Conservation and Convergence of Genetic Architecture in the Adaptive Radiation of Anolis Lizards

Joel W. McGlothlin, Megan E. Kobiela, Helen V. Wright, Jason J. Kolbe, Jonathan B. Losos, Edmund D. Brodie

Research output: Contribution to journalArticlepeer-review

3 Scopus citations


The G matrix, which quantifies the genetic architecture of traits, is often viewed as an evolutionary constraint. However, G can evolve in response to selection and may also be viewed as a product of adaptive evolution. Convergent evolution of G in similar environments would suggest that G evolves adaptively, but it is difficult to disentangle such effects from phylogeny. Here, we use the adaptive radiation of Anolis lizards to ask whether convergence of G accompanies the repeated evolution of habitat specialists, or eco-morphs, across the Greater Antilles. We measured G in seven species representing three ecomorphs (trunk-crown, trunk-ground, and grass-bush). We found that the overall structure of G does not converge. Instead, the structure of G is well conserved and displays a phylogenetic signal consistent with Brownian motion. However, several elements of G showed signatures of convergence, indicating that some aspects of genetic architecture have been shaped by selection. Most notably, genetic correlations between limb traits and body traits were weaker in long-legged trunk-ground species, suggesting effects of recurrent selection on limb length. Our results demonstrate that common selection pressures may have subtle but consistent effects on the evolution of G, even as its overall structure remains conserved.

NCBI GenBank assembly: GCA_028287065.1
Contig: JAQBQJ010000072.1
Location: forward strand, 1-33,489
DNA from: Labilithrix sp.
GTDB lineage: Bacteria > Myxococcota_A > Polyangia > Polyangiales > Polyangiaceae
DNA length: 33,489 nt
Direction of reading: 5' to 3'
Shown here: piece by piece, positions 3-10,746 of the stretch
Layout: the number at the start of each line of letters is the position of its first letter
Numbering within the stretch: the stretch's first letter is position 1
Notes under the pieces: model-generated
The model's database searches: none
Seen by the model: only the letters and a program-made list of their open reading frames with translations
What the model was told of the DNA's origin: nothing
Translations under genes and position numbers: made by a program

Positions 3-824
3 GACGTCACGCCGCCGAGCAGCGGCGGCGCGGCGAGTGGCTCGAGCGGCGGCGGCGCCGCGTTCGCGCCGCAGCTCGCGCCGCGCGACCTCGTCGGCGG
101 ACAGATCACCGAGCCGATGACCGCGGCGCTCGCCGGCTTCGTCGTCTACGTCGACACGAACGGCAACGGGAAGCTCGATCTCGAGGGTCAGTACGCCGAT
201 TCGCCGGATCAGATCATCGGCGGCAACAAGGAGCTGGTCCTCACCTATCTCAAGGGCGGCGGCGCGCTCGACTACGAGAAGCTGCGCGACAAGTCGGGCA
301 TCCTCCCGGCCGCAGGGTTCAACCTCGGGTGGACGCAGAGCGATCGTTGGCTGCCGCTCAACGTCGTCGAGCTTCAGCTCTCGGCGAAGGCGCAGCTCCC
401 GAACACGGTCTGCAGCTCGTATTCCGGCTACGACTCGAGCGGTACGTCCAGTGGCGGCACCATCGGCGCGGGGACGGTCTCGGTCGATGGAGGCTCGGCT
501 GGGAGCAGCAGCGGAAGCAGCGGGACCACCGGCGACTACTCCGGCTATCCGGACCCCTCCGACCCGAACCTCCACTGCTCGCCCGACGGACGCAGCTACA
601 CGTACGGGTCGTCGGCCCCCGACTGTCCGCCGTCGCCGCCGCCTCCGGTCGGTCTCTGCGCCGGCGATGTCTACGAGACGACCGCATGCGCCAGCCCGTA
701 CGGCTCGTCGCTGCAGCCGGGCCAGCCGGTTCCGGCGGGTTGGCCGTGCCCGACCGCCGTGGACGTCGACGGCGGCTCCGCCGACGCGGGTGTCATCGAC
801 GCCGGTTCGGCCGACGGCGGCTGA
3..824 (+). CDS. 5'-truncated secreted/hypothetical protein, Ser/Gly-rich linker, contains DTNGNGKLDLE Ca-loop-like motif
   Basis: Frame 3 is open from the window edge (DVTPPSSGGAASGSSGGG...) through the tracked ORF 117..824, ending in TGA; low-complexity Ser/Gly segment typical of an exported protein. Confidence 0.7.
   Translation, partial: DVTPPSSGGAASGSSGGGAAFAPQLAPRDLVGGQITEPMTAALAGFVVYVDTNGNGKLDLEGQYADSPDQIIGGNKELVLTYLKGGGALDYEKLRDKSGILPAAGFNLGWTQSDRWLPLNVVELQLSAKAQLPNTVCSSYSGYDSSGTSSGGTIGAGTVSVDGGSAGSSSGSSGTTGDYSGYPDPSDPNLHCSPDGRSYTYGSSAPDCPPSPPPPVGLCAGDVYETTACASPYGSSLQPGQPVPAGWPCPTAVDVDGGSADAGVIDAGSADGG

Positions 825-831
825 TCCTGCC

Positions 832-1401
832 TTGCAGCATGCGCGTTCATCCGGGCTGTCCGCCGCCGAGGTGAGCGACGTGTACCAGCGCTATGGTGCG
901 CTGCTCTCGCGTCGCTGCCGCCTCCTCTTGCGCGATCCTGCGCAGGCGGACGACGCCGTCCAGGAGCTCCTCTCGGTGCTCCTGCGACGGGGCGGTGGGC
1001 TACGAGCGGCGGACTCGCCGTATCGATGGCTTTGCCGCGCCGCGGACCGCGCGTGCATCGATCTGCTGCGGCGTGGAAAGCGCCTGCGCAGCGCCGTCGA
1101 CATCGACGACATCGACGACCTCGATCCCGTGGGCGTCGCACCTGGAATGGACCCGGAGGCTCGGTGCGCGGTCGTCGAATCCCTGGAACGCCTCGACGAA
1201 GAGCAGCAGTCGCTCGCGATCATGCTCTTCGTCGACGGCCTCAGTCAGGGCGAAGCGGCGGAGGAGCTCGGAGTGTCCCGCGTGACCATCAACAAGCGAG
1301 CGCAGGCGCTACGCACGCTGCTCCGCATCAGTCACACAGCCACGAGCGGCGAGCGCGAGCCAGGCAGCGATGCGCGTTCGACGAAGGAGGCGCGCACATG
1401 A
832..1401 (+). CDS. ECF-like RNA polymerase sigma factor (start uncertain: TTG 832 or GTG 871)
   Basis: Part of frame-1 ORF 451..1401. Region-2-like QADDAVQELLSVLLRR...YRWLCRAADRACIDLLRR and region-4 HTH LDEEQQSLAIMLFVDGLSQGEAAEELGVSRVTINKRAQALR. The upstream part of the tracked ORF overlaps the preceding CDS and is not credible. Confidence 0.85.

Original languageEnglish
Pages (from-to)E207-E220
JournalAmerican Naturalist
Issue number5
StatePublished - Nov 1 2022


  • adaptive radiation
  • Anolis lizards
  • constraint
  • G matrix
  • genetic correlation
  • quantitative genetics


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